How is the term of a people used?

background : Who are the people?


At the top of the gable of the Berlin Reichstag are the words: "The German people". They were chiseled into the Reichstag built in 1894 in 1915. A local newspaper pointed out at the time that the people had financed the construction, so they were de facto the owners. Therefore, the building cannot be dedicated to “the people” at the same time. The inhabitants of the GDR remembered this logic when they took to the streets in 1989 and shouted to the officials in the government: “We are the people.” As early as 1789, the revolutionary French invoked the republic as the “peuple français” exclaimed, originated from "res publica", the "public cause", the Latin name for the Roman people. Emperor Wilhelm II was uncomfortable with the dedication to the Reichstag. It was not until 1915 that he agreed to the inscription in order to strengthen public spirit and the home front during the First World War.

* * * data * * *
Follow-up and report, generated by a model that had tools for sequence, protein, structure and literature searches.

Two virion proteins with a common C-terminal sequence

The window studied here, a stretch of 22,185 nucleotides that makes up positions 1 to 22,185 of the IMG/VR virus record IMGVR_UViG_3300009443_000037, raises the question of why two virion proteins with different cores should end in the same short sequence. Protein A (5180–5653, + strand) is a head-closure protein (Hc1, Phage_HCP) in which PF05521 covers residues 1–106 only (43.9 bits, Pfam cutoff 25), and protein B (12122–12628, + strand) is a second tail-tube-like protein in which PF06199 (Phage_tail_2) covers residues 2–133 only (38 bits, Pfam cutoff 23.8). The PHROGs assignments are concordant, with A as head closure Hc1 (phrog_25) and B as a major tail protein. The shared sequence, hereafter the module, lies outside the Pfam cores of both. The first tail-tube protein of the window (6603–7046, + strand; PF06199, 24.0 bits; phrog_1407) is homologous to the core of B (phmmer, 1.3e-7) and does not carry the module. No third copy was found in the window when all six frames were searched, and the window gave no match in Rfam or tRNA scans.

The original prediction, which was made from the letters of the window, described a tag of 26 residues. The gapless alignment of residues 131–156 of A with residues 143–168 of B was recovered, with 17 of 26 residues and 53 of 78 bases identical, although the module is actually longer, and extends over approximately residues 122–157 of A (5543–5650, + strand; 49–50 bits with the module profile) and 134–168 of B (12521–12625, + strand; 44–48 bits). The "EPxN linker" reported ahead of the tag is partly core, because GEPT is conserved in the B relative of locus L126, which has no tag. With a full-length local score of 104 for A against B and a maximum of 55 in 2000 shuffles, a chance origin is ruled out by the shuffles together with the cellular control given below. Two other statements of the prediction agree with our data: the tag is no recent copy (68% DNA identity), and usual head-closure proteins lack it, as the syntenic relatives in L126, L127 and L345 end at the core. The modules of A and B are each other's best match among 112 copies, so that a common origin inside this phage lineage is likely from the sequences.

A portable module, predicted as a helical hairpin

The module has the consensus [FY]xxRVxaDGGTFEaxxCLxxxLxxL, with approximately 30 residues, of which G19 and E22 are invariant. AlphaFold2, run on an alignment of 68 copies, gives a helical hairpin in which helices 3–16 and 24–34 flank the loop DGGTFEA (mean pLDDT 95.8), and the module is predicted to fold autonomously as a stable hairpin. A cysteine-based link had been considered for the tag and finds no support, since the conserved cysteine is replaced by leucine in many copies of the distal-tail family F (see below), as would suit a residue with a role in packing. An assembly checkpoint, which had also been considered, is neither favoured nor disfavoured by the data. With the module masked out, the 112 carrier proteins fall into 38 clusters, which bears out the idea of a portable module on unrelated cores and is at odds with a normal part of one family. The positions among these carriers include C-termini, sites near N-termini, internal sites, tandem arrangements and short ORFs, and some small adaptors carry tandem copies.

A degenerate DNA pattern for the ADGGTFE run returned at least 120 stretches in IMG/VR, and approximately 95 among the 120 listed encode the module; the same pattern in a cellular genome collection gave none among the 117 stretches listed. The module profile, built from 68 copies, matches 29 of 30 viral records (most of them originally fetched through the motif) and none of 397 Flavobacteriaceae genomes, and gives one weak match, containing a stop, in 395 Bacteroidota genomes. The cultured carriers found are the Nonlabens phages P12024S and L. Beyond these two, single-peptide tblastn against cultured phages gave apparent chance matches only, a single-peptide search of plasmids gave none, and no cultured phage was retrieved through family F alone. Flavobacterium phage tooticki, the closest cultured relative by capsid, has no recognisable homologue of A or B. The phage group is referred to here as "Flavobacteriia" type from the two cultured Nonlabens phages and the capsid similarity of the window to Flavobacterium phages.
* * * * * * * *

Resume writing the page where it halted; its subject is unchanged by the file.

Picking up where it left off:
With the National Socialist mythization and biologization of the "people", the term was contaminated and was henceforth under suspicion. The people reappeared in the preamble to the Basic Law of 1949, as well as in the constitution of the GDR from the same year. “People” as a crowd was used for a long time for “simple people”, later as a term for a large group with the same language or ethnic group. In contrast, a nation consists of the population, the demos as the sovereign of democracy, which no longer has anything to do with ethnicity. The term is derived from "volc" or "folc", "fulka", which means something like "war band" and appears for the first time in the eighth century as a term for "many" - that sounds, for example, in "bulk" . The standard etymological work by Kluge also shows the meaning of “folc” as “to lead”.